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Issue scramble: Why Ellison, Schultz are talking eggs in attorney general’s race

At issue is a settlement with a Minnesota-based egg producer, which Ellison last year accused of price gouging during the early days of the COVID-19 pandemic.

Attorney General Keith Ellison and Republican candidate Jim Schultz debating at the KSTP-TV studios on Sunday, October 23.
Attorney General Keith Ellison and Republican candidate Jim Schultz debating at the KSTP-TV studios on Sunday, October 23.
Jeff Wheeler/Star Tribune

“On this egg thing…”

That was DFL Attorney General Keith Ellison in a televised debate last week, launching into a defense of his record on a topic that has suddenly, and perhaps unexpectedly, become a point of contention with his Republican opponent Jim Schultz.

At issue is a settlement with Sparboe Farms, a Minnesota-based egg producer, which Ellison last year accused of price gouging during the early days of the COVID-19 pandemic. The company denied the allegations, but it settled with the AG and agreed to donate 1.08 million eggs — that’s 90,000 dozen — to Minnesota nonprofits fighting hunger.

Why are the two candidates worried about eggs in a tightly-fought campaign with fierce debate on issues like crime, abortion, police reform, and courtroom experience? 

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Schultz and Ellison have differences over the lawsuit itself. But it’s best understood as an illustration of competing visions for the office of attorney general in the final days before the Nov. 8 election.

The facts of the case

Ellison brought the lawsuit against Sparboe in September of 2021 under powers granted by one of Gov. Tim Walz’s pandemic-era executive orders, this one issued in March of 2020 to ban the sale of essential consumer goods at an “unconscionably excessive price.”

One way the order measured that was by determining whether a product’s price was 20% higher than it was in the 30 days before the peacetime emergency declared by the governor — unless the new costs were outside the seller’s control.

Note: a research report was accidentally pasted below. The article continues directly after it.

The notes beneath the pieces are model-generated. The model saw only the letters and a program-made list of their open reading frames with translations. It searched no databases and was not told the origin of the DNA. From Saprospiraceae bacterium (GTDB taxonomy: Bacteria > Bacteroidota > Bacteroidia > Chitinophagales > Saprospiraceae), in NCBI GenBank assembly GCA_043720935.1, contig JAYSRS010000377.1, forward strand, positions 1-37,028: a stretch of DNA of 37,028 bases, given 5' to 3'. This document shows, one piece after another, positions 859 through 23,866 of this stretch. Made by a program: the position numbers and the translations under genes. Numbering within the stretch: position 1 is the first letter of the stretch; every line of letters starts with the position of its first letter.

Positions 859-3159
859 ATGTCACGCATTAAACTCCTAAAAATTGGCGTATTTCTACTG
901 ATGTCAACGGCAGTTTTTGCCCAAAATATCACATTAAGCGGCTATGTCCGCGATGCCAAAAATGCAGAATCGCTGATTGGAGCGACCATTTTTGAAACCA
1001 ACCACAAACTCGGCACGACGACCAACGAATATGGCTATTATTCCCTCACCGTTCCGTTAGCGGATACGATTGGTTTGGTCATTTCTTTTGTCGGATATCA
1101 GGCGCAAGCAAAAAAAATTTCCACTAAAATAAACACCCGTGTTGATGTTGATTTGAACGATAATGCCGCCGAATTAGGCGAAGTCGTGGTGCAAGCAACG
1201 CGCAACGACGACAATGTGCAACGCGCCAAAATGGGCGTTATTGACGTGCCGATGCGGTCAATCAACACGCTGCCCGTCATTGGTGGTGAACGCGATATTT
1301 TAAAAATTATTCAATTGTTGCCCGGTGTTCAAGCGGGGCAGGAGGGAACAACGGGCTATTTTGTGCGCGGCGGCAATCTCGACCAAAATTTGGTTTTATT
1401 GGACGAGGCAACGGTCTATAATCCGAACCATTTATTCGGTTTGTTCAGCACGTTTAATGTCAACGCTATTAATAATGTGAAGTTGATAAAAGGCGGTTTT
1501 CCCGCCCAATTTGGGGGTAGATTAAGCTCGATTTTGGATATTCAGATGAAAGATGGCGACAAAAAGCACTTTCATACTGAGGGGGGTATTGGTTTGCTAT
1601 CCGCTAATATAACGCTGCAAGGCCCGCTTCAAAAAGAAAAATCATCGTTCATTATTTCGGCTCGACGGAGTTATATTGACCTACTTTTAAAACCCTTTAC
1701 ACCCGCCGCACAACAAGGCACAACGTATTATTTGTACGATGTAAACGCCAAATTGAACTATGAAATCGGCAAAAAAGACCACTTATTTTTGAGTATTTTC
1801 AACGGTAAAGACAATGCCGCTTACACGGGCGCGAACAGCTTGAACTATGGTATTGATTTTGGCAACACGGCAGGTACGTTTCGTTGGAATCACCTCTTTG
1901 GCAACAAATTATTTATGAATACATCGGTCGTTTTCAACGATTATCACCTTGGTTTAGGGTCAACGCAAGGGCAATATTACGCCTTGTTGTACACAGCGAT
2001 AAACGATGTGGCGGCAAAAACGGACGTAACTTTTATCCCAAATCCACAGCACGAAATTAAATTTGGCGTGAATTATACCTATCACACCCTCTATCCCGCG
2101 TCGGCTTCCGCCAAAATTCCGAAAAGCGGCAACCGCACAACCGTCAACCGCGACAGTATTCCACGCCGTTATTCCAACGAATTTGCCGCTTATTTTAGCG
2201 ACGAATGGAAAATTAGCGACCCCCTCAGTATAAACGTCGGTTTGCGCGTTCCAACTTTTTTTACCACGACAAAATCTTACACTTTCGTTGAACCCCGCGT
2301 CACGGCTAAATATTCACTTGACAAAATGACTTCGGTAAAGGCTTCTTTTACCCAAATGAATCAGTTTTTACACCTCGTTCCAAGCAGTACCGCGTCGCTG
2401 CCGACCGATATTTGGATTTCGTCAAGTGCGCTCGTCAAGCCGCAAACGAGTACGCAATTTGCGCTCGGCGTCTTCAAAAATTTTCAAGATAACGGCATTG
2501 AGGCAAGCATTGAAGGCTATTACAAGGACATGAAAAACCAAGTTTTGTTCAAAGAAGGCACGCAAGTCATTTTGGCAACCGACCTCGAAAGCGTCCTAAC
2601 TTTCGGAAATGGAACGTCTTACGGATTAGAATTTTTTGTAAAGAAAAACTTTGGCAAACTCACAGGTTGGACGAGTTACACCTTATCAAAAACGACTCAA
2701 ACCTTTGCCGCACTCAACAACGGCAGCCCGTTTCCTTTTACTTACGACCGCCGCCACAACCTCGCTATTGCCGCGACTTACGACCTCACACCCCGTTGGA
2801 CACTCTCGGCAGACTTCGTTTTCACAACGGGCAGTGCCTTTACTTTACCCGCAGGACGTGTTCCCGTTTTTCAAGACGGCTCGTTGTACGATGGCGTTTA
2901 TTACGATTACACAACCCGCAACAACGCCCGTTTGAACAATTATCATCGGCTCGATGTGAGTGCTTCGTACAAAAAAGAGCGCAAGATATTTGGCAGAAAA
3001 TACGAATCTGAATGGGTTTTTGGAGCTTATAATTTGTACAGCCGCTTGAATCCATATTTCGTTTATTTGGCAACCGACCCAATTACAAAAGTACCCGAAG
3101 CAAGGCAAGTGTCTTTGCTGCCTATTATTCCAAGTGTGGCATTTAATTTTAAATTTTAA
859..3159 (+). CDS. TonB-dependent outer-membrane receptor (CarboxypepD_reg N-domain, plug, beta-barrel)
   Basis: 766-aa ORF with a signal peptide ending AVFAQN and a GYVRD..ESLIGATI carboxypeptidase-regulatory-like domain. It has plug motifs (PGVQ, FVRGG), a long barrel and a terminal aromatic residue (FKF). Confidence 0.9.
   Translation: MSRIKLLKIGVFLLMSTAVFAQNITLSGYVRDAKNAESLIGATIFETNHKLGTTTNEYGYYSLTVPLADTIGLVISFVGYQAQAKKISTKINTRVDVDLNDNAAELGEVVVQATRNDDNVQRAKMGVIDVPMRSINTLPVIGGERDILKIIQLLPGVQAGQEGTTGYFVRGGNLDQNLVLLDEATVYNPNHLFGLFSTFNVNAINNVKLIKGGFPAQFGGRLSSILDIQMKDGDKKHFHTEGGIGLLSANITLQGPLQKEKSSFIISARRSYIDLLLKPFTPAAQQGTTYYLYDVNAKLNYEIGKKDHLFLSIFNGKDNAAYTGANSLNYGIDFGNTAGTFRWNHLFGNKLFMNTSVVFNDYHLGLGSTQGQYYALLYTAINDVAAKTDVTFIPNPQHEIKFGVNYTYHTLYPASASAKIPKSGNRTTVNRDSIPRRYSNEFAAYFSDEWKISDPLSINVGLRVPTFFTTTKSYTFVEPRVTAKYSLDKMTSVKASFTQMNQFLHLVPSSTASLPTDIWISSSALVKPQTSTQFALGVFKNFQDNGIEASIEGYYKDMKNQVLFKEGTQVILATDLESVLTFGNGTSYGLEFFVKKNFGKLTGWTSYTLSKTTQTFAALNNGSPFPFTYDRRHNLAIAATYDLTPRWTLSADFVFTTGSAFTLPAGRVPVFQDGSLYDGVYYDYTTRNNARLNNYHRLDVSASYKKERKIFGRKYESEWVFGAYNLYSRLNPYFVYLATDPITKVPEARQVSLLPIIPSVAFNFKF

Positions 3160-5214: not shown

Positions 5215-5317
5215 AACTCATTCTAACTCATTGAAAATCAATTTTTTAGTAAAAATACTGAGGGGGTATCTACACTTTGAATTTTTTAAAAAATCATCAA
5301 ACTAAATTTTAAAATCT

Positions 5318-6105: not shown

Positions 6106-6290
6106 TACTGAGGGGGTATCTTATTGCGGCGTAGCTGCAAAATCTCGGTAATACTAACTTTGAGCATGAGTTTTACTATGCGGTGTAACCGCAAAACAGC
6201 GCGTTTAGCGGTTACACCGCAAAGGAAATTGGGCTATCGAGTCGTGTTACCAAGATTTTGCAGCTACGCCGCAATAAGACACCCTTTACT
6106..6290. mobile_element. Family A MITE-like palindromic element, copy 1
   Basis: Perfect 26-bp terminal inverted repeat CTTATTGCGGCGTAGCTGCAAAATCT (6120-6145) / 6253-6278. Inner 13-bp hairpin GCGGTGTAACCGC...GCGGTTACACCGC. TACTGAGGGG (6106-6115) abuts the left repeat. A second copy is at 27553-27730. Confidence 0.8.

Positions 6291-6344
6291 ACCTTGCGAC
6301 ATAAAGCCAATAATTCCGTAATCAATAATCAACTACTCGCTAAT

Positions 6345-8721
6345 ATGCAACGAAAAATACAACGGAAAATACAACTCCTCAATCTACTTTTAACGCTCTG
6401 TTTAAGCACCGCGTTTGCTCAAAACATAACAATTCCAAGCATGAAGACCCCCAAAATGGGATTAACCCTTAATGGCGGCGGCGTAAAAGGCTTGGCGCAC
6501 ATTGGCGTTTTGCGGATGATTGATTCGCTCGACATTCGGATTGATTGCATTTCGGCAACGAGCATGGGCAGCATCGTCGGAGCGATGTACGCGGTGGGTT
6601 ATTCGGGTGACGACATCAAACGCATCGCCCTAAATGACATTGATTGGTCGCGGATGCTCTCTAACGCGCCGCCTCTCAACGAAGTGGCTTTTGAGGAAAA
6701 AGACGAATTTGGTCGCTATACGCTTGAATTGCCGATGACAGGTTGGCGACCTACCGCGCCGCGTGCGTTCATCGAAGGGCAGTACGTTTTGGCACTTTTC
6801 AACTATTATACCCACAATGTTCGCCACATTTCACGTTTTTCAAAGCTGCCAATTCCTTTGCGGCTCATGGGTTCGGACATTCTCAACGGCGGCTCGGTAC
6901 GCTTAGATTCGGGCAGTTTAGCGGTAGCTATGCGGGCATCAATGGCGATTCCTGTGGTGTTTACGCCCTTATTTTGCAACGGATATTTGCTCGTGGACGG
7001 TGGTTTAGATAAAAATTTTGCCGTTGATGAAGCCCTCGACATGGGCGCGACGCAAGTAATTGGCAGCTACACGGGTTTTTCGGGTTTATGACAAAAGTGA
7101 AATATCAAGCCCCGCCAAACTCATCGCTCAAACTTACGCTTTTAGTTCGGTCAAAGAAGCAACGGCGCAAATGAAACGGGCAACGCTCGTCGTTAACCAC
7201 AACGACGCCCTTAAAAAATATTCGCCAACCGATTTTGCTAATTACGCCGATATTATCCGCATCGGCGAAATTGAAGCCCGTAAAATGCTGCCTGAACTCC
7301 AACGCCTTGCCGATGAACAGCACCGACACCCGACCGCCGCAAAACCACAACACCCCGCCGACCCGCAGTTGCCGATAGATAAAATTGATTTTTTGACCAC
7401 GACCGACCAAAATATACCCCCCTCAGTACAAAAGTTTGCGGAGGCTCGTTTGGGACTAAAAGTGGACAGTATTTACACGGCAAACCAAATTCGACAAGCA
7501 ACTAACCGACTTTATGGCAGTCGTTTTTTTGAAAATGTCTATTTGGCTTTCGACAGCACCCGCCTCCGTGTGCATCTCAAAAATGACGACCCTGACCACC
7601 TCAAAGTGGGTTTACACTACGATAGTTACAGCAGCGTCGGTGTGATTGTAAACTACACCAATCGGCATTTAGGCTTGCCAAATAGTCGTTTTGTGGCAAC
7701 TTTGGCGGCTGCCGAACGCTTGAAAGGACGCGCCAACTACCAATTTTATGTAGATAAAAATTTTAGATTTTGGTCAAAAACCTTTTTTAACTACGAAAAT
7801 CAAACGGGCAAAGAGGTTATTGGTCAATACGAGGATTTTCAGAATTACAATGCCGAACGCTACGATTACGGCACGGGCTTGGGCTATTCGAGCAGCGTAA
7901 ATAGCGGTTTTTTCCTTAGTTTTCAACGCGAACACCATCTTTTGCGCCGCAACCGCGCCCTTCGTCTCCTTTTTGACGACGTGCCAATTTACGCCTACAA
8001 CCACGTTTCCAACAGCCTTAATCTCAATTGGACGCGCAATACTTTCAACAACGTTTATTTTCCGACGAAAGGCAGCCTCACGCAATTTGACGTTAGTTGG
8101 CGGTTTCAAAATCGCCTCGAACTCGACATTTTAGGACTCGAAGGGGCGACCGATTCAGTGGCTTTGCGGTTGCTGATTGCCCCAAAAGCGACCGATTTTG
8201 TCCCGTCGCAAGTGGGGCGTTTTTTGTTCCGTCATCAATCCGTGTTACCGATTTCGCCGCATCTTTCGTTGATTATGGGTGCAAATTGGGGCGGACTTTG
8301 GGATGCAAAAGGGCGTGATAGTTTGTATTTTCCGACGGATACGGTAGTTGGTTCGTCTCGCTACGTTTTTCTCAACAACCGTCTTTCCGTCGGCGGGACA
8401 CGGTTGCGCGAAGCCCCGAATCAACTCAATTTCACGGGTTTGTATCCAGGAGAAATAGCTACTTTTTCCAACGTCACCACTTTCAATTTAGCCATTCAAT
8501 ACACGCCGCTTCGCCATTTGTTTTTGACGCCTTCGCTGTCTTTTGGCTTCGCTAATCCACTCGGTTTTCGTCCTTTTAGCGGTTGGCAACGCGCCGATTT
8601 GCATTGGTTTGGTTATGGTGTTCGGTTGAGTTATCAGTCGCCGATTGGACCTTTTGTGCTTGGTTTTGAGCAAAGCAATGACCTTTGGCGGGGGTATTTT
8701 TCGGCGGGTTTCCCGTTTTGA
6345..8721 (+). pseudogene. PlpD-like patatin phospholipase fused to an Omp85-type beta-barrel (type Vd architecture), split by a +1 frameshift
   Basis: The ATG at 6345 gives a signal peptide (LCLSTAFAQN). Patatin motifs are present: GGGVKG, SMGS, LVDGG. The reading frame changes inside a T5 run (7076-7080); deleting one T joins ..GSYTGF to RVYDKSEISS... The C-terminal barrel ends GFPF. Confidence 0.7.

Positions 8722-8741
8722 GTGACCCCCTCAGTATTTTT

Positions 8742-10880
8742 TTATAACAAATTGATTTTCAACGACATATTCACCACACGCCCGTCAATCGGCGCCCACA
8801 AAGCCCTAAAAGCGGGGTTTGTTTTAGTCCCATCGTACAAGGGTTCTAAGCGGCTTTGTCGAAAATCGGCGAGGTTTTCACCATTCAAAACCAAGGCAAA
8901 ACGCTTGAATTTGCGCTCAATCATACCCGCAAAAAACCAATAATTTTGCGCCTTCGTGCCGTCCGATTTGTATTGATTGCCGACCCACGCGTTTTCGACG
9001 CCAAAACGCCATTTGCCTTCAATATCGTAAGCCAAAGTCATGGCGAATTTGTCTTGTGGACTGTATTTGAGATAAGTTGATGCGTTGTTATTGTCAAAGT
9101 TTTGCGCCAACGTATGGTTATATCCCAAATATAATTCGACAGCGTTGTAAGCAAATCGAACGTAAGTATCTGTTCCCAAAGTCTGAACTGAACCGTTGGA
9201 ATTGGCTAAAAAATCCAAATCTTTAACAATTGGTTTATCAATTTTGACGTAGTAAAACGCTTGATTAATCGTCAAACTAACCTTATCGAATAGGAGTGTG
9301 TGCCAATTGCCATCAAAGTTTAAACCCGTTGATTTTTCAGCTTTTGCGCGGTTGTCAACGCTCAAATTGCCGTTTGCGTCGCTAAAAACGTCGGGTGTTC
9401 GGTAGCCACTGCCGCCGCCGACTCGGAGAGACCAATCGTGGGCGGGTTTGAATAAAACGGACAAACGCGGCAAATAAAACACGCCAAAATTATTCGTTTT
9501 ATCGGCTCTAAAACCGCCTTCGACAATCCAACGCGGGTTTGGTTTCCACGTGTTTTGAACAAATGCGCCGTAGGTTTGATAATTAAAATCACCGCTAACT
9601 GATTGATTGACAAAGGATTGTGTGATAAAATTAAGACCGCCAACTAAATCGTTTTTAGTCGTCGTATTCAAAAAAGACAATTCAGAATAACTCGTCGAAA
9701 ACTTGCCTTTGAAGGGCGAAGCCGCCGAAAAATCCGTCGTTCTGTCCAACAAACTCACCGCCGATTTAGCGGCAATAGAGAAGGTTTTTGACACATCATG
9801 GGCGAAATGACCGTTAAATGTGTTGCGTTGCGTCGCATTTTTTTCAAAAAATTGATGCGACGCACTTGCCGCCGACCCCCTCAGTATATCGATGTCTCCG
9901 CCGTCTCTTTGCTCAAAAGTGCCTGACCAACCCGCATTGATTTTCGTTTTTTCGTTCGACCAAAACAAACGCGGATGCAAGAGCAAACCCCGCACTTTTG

Ellison’s lawsuit accused Sparboe of working to maximize egg production and profit amid huge demand. The AG says the company doubled and tripled prices as COVID-19 arrived, compared to prices from February and early March of 2020. Ellison’s lawsuit says Sparboe even ignored pleas from one of its largest wholesale customers in Minnesota to reduce its prices.

Sparboe never filed a legal response and instead settled with Ellison roughly a month later. In that short eight-page settlement, Sparboe denied it violated any laws, including the executive order. And the company said it only sold eggs to wholesale customers at market prices that, by long-term contract, were determined by a third party company Urner Barry.

As part of the settlement, Sparboe agreed to donate the 1.08 million eggs.

Two views from the AG candidates

At the debate on KSTP last week, Schultz brought up the lawsuit first. He said the AG’s office shouldn’t have been focused on suing egg producers in Minnesota.

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In an interview, Schultz said Ellison didn’t understand the economics of the egg business. He argued the company was following contracts and wasn’t increasing prices out of line with what was happening nationally.

Once Ellison’s office learned that information, Schultz said, they settled “tail between legs” and got a “fig leaf” donation. “The case there was extraordinarily weak, and once they realized that they had to enter into a settlement, that was, frankly, embarrassing for the AG’s office,” Schultz said.

Schultz asserted that Sparboe often donates eggs, anyway, so the AG was overselling the impact of his settlement. MinnPost left a message for Sparboe to seek comment about the lawsuit and company practices but the organization didn’t immediately respond.

Ellison, meanwhile, had a very different view of how the lawsuit went. He contends large companies like that don’t settle unless they have legal exposure and said the egg donation was meaningful.